The forge is packed away and gone by the time she emerges, evidently satisfied with the progression of her commission. You fall back into line and try not to look at the space where it was.


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The man (surprisingly young, but then the young have had fewer chances for that inevitable death to reach them) for some reason finds it necessary to try and explain to you how he came to be in the pits, one sentence with each blow.

When you wrench his collar against his trachea, he stops. When you stamp the limbs of his ribs inwards, it is permanent.

Tomorrow, maybe. And tomorrow, and tomorrow -


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You must give this man some acknowledgement - he got close, closer than anyone else you remember. Regardless of what most people say, nobody truly wants to go out in a blaze of glory. That’s why they all cry. That’s why they all beg. That’s why very few of them are stupid enough, whatever rebellious thoughts they hold in the darkest depths of their hearts, to make any attempt upon assassinating her - because they’ll fail, and unintentionally raise her esteem at the same time, every one calling back to the days of old when the founding matriarchs ruled not symbolically garnet-clad but literally.

Vaguely, you wonder if the transition should be hastened in this case, because he is still caught on the same empty rhetoric - repentance and overthrow, that she be cast down in her pride, all the might of Daevon scattered as chaff in the wind, everything only madmen dream and only fanatics profess. And then die the same as everyone else, when pierced with swords or crushed in dirt or bound upon the city walls for the vultures, because nothing changes nor ever will.

Then, the guard holding his arms moves just slightly, and pain flashes across his face. His strange, pale weapons lie shattered on the tile before you, unusable and unreachable.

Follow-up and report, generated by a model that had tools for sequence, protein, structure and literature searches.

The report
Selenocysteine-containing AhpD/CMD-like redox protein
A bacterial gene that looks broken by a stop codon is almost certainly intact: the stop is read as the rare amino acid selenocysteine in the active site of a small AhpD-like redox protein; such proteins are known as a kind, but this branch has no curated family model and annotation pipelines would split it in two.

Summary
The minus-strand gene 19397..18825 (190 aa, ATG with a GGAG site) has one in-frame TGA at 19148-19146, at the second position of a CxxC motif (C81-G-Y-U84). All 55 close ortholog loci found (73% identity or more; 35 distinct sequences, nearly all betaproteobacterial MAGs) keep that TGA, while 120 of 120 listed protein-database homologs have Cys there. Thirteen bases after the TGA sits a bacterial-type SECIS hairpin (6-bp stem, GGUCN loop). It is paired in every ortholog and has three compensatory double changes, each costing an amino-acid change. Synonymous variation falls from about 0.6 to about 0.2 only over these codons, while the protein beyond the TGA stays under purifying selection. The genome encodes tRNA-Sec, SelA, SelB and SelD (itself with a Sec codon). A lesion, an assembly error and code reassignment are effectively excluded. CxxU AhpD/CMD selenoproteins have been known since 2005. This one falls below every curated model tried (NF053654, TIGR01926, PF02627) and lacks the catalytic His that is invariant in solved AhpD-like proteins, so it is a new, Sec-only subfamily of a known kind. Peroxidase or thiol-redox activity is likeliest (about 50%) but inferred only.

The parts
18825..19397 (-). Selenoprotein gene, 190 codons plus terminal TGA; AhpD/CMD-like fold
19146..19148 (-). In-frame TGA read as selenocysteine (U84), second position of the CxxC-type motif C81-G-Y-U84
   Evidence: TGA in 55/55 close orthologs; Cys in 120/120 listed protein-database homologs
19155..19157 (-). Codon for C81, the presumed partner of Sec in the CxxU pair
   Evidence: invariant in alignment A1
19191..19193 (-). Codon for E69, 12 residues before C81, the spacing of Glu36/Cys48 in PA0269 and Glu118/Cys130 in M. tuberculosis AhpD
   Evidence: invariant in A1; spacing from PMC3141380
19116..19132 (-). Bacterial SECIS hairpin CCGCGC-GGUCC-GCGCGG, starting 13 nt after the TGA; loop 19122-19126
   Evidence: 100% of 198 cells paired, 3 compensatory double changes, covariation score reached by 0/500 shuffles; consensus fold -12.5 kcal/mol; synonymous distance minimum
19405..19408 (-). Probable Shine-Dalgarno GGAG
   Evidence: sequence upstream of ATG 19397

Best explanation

The woman from the western mountains would probably say there is no honour for your mistress in this either - an unarmed man held helpless before her. She regards him with lips pursed in incontrovertible disdain, and soon jerks her chin towards you. "Kill him," she tells you. "I do not need to listen to this further."

To his credit, the man does not cower, or cry, or beg. "Do it, then," he says, and lifts his gaze to meet yours, full in the eyes. "If you think it is right."


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…and everything inside you goes quiet.


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…most of the blood, when it is over, is not yours. Because there were Dhera and the four others, and your mistress besides - no, she is not that anymore, had stopped being that the instant you felt the bone give, but you hadn’t, had drawn out your knife and kept hacking, even as they had fallen upon you as they ought, buried their own blades in your ribs, your gut -

But enough of it is - your mouth is full of the sea, all salt and bits of tissue you don't want to know the provenance of. It is not easy to speak around it, as the warlord - no, no, master, Jel is now in his hands, he could walk past you and pull the sceptre from under her body and that would make it final - goes to his knees beside you, puts a hand on your temple. His face is unreadable, but that doesn’t really matter, not against the fact that it is turned to you at all. No-one has ever afforded you this much eye contact in your whole life - a shame, that you won't get to enjoy it for much longer.

"Well?" you slur. Was that right, just, honourable? Tell me; you are master now, it is your judgement.

It is not given. Instead, his lips tighten, and he digs clawed fingers into your gut.

Oh, you think. This. “I would not have you die,” the warlord says, and that is new, but the rest of it -

You are put back together. It hurts no less, under these fingers - since you will die has apparently been discredited now, another constant must be chosen, to fill that religion-shaped hole. It may as well be that, you are able to string together through the roaring in your ears: it will always hurt, to be reassembled.

When it is over, he draws back: your blood to his elbows, on his neck, when he reaches to rub it.

You stand up.

“Come with me,” your warlord wielder says, picking up the fragments of his weapon and sealing them back together, too, with a stroke of his hand. Somebody bangs on the door, yells something in another language - one of his servants, probably, come to try and rescue their lord. Another voice, higher, joins it. He turns from you (and something unfamiliarly not-damage pangs beneath your ribs, to lose that look), goes over, responds. Does not look at the wreckage left behind.

So you come. What else can you do?